Why Your Internet Browsing History Isn’t As Private As You Might Think
Find out why companies can still see all the sites you’re surfing, even in private mode.
Your Internet browsing history is one of the most private, sacred things in your life, wouldn’t you agree? All the things you searched on Google, every raunchy website you’ve visited…very, very private information.
But if you think your browser history is safe on your personal laptop, think again. We’re sorry to say, but it’s not safe. Once you’re online, your data is in the matrix forever, and companies can buy your personal data for very cheap. Yikes.
According to a recent survey, most people have absolutely no clue that companies actually buy personal browsing history. That means every porn site you’ve visited, every online My Little Pony game you’ve played, every Google search about crack pipes or foot fetishes, people can see. The more you know, right?
The survey was conducted by credit comparison site TotallyMoney.com, where 1,000 men were asked how private they believe their personal data is, especially when it comes to their browsing history.
Turns out 68.9 percent of men thought their browser history was safe from prying eyes, but sadly that’s a false belief. Companies can buy your super private browsing history for £0.0014. Do you know how cheap that is? That’s $0.0016. That’s like 1/10 of a penny!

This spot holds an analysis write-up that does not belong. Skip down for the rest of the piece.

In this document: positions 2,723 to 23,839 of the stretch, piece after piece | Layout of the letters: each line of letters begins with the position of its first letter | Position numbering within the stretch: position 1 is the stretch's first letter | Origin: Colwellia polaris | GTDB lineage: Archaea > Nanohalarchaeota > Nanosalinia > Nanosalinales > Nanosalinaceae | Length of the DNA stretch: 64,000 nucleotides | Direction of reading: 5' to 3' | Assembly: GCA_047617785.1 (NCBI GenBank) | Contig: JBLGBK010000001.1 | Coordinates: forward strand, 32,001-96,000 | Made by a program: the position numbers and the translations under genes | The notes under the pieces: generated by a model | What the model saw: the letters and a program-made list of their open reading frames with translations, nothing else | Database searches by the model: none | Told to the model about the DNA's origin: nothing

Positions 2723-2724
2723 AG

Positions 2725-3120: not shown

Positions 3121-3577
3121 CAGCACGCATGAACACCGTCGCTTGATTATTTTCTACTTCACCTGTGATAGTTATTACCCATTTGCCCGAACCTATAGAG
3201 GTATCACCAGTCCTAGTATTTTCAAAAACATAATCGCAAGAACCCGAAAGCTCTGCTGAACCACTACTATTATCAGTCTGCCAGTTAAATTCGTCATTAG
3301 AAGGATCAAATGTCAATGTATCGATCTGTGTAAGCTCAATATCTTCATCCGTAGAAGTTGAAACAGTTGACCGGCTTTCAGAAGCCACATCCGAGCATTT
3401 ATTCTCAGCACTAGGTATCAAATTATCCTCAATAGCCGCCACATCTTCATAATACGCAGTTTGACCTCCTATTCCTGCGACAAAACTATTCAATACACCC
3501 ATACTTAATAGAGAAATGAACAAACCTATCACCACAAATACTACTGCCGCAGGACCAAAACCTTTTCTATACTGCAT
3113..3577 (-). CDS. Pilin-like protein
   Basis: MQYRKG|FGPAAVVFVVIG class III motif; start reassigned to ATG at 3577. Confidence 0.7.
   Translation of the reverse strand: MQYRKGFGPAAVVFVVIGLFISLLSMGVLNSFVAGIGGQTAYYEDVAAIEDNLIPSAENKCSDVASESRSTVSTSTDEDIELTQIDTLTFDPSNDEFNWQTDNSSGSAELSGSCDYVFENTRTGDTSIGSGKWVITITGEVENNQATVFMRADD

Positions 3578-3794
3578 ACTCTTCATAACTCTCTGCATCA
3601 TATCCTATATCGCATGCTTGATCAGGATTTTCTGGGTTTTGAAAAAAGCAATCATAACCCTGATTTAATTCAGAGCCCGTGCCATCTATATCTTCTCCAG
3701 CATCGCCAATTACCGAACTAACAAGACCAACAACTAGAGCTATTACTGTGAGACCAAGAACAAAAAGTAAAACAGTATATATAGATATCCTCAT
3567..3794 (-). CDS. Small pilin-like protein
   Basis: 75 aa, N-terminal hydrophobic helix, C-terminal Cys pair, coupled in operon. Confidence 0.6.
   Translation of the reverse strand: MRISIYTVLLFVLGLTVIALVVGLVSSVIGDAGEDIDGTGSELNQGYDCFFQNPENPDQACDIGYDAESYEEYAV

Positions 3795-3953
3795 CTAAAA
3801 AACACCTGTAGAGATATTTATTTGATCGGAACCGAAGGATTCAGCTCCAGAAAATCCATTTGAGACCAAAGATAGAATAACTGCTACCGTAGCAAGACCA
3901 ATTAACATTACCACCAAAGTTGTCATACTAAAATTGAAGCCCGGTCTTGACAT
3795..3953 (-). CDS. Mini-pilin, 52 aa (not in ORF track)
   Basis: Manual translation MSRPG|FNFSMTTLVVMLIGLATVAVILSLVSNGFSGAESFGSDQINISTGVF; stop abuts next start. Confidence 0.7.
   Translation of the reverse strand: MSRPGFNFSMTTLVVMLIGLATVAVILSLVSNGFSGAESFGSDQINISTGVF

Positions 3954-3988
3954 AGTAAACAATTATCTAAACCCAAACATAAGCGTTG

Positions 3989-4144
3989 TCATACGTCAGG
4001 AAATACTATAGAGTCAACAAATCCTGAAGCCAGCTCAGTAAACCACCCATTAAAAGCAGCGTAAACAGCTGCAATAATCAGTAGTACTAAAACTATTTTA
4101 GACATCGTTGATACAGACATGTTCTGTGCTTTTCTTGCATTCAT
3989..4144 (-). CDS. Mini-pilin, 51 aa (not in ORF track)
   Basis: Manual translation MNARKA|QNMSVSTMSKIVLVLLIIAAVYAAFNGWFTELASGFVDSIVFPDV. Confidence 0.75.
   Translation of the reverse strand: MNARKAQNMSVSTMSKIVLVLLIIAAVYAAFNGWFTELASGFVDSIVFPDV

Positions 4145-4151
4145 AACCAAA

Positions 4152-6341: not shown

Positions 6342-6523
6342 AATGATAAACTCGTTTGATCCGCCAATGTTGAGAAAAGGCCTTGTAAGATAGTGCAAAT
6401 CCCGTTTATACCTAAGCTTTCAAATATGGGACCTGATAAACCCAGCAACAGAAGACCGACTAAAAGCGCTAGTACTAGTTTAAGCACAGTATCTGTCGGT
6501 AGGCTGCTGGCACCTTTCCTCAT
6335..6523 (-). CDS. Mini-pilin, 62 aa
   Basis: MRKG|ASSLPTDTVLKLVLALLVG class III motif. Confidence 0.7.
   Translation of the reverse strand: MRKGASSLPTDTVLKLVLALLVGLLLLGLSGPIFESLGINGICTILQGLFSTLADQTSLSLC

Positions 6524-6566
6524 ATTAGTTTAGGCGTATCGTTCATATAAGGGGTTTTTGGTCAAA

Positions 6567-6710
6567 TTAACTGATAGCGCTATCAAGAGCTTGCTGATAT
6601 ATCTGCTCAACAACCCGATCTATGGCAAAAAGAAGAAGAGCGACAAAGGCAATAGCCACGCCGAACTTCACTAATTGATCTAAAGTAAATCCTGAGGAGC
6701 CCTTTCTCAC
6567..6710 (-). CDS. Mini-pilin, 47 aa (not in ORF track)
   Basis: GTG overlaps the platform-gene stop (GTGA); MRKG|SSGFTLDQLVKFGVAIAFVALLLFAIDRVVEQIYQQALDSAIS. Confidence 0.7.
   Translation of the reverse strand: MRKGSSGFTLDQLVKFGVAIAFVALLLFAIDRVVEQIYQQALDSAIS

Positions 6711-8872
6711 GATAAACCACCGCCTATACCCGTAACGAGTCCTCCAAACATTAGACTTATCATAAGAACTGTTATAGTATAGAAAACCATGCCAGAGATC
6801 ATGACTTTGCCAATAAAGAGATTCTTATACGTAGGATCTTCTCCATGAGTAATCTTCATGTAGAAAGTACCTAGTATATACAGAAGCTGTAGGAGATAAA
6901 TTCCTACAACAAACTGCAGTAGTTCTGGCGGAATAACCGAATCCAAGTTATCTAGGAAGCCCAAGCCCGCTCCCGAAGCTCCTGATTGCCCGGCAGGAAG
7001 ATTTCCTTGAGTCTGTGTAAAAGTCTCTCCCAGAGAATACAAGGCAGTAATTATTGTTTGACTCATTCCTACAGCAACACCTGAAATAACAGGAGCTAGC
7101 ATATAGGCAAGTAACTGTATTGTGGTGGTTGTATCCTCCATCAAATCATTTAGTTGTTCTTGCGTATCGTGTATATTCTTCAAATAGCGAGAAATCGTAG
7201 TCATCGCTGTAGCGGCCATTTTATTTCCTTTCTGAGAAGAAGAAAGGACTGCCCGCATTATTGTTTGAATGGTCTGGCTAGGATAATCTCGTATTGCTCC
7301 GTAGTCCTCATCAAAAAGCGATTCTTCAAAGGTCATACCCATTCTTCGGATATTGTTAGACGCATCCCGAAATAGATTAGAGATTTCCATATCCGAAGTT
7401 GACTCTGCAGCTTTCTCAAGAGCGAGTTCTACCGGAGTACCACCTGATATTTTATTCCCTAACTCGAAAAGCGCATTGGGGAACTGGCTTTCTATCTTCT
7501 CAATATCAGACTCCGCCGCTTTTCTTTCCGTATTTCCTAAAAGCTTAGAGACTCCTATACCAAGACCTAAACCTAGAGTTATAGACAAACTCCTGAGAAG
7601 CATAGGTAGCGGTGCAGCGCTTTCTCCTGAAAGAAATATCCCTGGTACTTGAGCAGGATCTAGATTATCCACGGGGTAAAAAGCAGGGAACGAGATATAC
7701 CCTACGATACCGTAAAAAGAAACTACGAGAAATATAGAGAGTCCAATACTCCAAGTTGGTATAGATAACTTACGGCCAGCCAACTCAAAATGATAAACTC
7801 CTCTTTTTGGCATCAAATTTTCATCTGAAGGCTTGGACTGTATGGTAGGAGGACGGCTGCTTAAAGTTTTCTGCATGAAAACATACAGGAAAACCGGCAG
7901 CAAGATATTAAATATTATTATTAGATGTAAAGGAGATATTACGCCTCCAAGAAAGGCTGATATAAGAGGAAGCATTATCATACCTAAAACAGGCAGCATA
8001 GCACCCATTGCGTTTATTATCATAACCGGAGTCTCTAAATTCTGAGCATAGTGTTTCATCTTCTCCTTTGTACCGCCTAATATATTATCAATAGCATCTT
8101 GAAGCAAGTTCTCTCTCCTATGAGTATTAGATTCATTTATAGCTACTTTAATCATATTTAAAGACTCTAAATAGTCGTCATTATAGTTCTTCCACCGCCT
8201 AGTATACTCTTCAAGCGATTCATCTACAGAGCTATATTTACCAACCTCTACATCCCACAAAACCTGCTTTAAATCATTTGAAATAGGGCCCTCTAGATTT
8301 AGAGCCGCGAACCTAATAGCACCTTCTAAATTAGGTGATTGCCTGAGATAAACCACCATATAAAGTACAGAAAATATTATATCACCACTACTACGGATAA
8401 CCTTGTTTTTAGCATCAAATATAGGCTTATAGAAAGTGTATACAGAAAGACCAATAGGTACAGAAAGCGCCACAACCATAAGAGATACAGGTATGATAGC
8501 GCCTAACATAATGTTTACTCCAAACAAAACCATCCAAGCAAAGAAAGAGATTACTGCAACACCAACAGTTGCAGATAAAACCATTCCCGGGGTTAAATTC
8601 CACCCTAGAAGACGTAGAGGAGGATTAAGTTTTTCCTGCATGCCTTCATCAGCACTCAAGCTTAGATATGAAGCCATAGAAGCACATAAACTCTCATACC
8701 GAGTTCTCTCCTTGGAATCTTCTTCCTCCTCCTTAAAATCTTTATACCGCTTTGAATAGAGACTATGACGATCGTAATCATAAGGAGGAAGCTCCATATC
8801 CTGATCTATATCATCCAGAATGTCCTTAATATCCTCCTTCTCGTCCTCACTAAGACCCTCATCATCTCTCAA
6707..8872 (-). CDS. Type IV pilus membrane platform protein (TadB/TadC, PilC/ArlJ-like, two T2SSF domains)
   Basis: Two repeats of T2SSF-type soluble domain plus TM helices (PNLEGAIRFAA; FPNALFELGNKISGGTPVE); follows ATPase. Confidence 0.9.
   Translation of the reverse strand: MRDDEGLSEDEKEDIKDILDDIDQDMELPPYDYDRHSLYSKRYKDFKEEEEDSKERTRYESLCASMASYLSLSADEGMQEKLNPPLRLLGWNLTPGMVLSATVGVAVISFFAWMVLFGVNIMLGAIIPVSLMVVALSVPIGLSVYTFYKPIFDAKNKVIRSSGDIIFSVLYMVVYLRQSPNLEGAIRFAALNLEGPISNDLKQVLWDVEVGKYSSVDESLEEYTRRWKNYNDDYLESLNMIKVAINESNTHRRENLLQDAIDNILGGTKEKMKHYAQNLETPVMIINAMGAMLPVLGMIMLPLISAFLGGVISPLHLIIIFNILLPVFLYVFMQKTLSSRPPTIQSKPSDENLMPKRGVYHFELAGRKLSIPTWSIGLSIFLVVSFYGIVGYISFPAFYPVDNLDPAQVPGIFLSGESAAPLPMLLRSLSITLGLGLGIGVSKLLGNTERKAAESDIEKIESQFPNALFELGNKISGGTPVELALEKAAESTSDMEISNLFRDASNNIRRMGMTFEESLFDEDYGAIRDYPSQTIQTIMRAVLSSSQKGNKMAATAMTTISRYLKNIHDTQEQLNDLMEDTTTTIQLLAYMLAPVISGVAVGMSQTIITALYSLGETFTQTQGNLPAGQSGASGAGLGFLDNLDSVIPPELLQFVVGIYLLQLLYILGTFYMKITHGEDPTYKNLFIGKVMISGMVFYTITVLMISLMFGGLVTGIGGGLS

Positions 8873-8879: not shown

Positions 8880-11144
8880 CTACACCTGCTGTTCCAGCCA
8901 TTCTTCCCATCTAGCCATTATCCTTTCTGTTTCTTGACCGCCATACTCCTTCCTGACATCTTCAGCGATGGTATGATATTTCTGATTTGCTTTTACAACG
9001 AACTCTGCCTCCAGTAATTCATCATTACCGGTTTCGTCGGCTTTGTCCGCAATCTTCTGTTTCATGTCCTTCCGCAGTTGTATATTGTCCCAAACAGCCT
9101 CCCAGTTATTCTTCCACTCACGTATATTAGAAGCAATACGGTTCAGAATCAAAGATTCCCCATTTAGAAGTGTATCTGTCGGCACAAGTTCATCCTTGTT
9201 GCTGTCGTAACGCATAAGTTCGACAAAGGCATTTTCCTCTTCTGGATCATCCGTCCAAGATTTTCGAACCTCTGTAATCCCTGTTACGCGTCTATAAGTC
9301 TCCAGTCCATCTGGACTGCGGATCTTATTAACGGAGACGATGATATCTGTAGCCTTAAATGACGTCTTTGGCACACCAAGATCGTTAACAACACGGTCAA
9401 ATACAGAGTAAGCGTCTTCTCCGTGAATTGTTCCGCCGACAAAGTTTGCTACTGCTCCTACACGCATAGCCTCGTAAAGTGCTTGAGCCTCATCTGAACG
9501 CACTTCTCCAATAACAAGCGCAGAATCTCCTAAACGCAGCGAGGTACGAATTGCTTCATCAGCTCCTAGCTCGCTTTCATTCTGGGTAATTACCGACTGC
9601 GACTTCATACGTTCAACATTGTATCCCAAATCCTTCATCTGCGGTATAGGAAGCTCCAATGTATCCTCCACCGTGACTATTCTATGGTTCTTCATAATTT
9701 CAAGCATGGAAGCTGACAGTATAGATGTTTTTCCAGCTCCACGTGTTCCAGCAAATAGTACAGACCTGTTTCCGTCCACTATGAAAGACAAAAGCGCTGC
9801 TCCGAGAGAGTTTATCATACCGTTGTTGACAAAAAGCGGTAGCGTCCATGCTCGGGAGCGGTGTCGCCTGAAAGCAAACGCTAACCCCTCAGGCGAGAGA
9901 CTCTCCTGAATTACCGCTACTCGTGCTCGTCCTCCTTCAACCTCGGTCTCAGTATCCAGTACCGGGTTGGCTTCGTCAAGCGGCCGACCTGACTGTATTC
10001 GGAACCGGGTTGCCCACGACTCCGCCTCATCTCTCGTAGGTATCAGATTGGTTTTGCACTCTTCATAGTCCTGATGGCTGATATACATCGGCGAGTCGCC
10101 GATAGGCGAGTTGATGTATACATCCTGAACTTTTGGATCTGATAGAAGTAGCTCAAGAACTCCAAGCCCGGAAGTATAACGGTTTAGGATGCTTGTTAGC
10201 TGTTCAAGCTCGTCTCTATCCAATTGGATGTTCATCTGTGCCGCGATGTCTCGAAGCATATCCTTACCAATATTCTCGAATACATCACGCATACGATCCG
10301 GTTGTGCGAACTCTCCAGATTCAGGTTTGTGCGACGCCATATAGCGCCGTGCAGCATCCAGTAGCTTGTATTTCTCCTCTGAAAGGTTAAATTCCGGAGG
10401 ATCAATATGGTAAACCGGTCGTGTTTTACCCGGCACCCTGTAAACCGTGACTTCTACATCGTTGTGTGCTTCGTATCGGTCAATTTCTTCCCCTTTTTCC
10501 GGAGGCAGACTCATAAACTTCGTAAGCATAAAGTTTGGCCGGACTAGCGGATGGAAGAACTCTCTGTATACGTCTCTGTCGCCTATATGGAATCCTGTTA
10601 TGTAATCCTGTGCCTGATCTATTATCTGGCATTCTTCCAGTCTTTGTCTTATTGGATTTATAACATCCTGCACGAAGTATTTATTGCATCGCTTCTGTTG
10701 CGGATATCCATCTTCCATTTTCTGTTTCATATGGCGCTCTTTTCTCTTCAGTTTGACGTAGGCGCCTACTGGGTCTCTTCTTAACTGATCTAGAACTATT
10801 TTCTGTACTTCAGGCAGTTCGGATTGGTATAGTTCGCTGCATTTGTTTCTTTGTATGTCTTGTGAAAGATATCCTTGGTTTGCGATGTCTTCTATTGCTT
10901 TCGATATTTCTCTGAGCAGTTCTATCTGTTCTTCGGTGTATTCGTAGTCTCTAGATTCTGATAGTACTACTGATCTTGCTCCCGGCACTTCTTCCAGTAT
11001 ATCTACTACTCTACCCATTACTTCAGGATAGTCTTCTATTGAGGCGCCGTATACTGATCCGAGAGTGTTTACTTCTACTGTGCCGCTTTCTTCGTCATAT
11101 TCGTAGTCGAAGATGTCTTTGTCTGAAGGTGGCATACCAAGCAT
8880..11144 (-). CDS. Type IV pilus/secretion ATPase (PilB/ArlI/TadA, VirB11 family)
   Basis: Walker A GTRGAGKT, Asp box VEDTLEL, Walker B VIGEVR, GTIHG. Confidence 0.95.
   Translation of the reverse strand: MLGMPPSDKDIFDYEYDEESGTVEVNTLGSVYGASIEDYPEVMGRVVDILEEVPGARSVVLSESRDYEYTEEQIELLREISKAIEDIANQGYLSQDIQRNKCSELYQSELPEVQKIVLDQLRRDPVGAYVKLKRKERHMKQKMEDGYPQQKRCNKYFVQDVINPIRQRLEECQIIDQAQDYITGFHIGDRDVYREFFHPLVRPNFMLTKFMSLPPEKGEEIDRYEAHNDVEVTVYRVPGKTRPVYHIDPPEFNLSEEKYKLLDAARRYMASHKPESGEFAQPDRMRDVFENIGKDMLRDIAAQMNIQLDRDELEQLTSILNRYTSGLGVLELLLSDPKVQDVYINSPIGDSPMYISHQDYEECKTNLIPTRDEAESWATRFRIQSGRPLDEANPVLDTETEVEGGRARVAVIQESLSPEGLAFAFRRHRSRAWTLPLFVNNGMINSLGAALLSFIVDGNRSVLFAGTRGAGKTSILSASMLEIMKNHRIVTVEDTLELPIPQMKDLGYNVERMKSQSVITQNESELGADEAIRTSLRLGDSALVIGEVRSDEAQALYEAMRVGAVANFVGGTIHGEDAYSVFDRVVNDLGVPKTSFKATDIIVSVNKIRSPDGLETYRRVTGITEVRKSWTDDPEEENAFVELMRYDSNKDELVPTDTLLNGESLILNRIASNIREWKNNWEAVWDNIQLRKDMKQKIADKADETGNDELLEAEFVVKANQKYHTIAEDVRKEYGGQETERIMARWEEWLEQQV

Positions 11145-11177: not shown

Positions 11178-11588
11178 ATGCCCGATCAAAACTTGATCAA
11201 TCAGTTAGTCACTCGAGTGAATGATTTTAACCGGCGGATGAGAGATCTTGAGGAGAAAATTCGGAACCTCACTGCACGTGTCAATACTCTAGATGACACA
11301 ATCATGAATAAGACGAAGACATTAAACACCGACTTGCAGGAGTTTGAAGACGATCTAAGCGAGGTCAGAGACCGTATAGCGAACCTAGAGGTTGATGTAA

Jo Gardiner from TotallyMoney.com says, “It looks like men have little idea that their browsing history is so easily available to others. And they would do well to educate themselves on their rights regarding third party companies.”
That said, you should also know that 54.8 percent of men from the survey said they really wouldn’t want to share their personal data with a third party company. Yet companies still have access to it. Seriously, haven’t they heard of a little something called breach of privacy?
After hearing this violating information, you might be thinking, “I’ll just use incognito mode. Problem solved.” WRONG. Problem not solved. According to DuckDuckGo CEO Gabe Weinberg, private or incognito mode on browsers aren’t even all that private.
Private mode only keeps information off your computer, but your internet service provider can still monitor every search you make, and every website you visit. Like I said, not private at all.
However, Google offers full disclosure in its Chrome browser about this, stating, “Going incognito doesn’t hide your browsing from your employer, your internet service provider or the websites that you visit.”
Mozilla Firefox is also pretty clear about private browsers not being actually private, stating “While this computer won’t have a record of your browsing history, your employer or internet service provider can still track the pages you visit.”
Well, now you know that your browser history isn’t actually private, so you can stop stressing over people seeing it. Because they will.